Taking a Career Break in 2018
Looking at what options are there for you
An increasing amount of people are now considering taking a career break. Many do so to further their studies, some to travel, some look after loved ones at critical times and others enjoy being a full time parent for a while amongst other reasons.
Once considered career suicide, they are no longer a taboo issue in corporate HR departments and are often encouraged. Although there are no specific laws in place regarding career breaks, most organisations tend to have a policy regarding employees taking extended leaves of absence. Although it is important that this means that some do not and you may be required to resign.
Although a career break is a term which tends to be used interchangeably with a sabbatical, the two are indeed somewhat different. A career break is a period of unpaid leave which is agreed between employer and employee, with the employer usually allowing you to return to your role or a similar one when you rejoin the workplace. A sabbatical, on the other hand, is time you get off in addition to your holiday entitlement and is usually granted on the basis of your role and length of service within the organisation. Sabbaticals can be paid, part-paid or unpaid.
Most career breaks tend to last 4 to 6 months although some have been known to last up to two years when such commitment is required, for example, when completing a postgraduate course at university.
However study, travel and positions of care are not the only reasons why people seek some time away from work. Some use it to develop new skills like learning a new language, others spend the time volunteering to give back to their community whilst even use the time to grow themselves professionally, using their flexibility to network with the right people and some even launch their own businesses, allowing them to gain access to roles which may even be more lucrative than their previous career. It is really just a matter of taking a risk.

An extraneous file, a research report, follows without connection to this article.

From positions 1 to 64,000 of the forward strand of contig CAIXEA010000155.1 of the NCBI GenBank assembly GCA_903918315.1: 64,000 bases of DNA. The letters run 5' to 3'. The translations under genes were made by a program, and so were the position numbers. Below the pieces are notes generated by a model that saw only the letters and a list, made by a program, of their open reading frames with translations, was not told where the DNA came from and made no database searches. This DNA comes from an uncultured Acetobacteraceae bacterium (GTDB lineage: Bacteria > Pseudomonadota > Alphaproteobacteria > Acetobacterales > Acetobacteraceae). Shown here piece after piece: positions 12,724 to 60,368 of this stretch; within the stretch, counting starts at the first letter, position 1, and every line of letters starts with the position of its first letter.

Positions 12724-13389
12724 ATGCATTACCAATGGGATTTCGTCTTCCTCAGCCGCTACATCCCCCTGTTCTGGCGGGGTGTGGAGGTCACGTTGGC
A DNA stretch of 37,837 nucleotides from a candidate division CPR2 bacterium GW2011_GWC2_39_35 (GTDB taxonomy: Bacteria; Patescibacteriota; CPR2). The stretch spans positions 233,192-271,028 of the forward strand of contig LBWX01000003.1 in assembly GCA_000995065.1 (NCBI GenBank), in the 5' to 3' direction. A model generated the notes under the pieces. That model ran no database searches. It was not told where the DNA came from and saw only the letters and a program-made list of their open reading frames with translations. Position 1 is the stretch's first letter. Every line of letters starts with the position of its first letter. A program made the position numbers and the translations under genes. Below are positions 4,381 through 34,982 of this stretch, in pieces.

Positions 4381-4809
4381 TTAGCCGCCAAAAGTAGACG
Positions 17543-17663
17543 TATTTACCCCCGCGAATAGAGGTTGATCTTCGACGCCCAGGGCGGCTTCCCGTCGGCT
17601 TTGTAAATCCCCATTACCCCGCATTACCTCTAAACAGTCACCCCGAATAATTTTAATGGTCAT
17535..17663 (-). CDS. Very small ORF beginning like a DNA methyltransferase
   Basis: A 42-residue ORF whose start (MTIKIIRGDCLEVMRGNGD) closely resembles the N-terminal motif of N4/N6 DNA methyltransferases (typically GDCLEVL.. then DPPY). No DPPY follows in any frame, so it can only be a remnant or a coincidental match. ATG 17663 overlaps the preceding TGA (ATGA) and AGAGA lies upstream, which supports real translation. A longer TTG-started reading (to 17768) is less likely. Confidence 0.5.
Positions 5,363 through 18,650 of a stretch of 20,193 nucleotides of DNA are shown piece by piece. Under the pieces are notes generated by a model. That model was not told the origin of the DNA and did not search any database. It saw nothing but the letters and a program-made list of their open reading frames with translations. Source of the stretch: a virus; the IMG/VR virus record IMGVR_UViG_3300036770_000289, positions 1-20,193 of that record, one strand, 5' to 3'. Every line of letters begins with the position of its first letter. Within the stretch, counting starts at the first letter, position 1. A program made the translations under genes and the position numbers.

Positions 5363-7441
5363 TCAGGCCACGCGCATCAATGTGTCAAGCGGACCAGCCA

Many people who are considering taking a career break, worry about the “CV gap” which would appear in future applications and also fear what prospective employers would think about them. However if you ensure that the time you have taken off has been used to the optimum then this need not be an issue because you can use that gap to explain the experiences and skills you acquired that gave you a fresh perspective to bring to their organisation.
These new perspectives are why we are seeing more organisations allowing their employees to take a career break alongside the skills they acquire as they are often what an office full of monotonous employees working like cogs in a machine needs. New perspectives mean new solutions and new skills mean new opportunities which can be beneficial to the organisation in general. Perhaps the employee has learnt a language which would make opening a foreign office a lot simpler or maybe they’ve networked with someone who can develop their product or service even further.
Even the soft skills you learn such as organisation when booking travel, accommodation or activities or public speaking when you’re pitching your business ideas to potential buyers all end up creating a better, more well-rounded employee and person.
A sabbatical is often referred to as an “adult gap year” and although slightly condescending, it can be a good perspective to consider sabbaticals through. Our world is massive with endless places, people and opportunities to experience so why limit yourself to four walls every single day when there’s so much to see around you?
By Naina Bhardwaj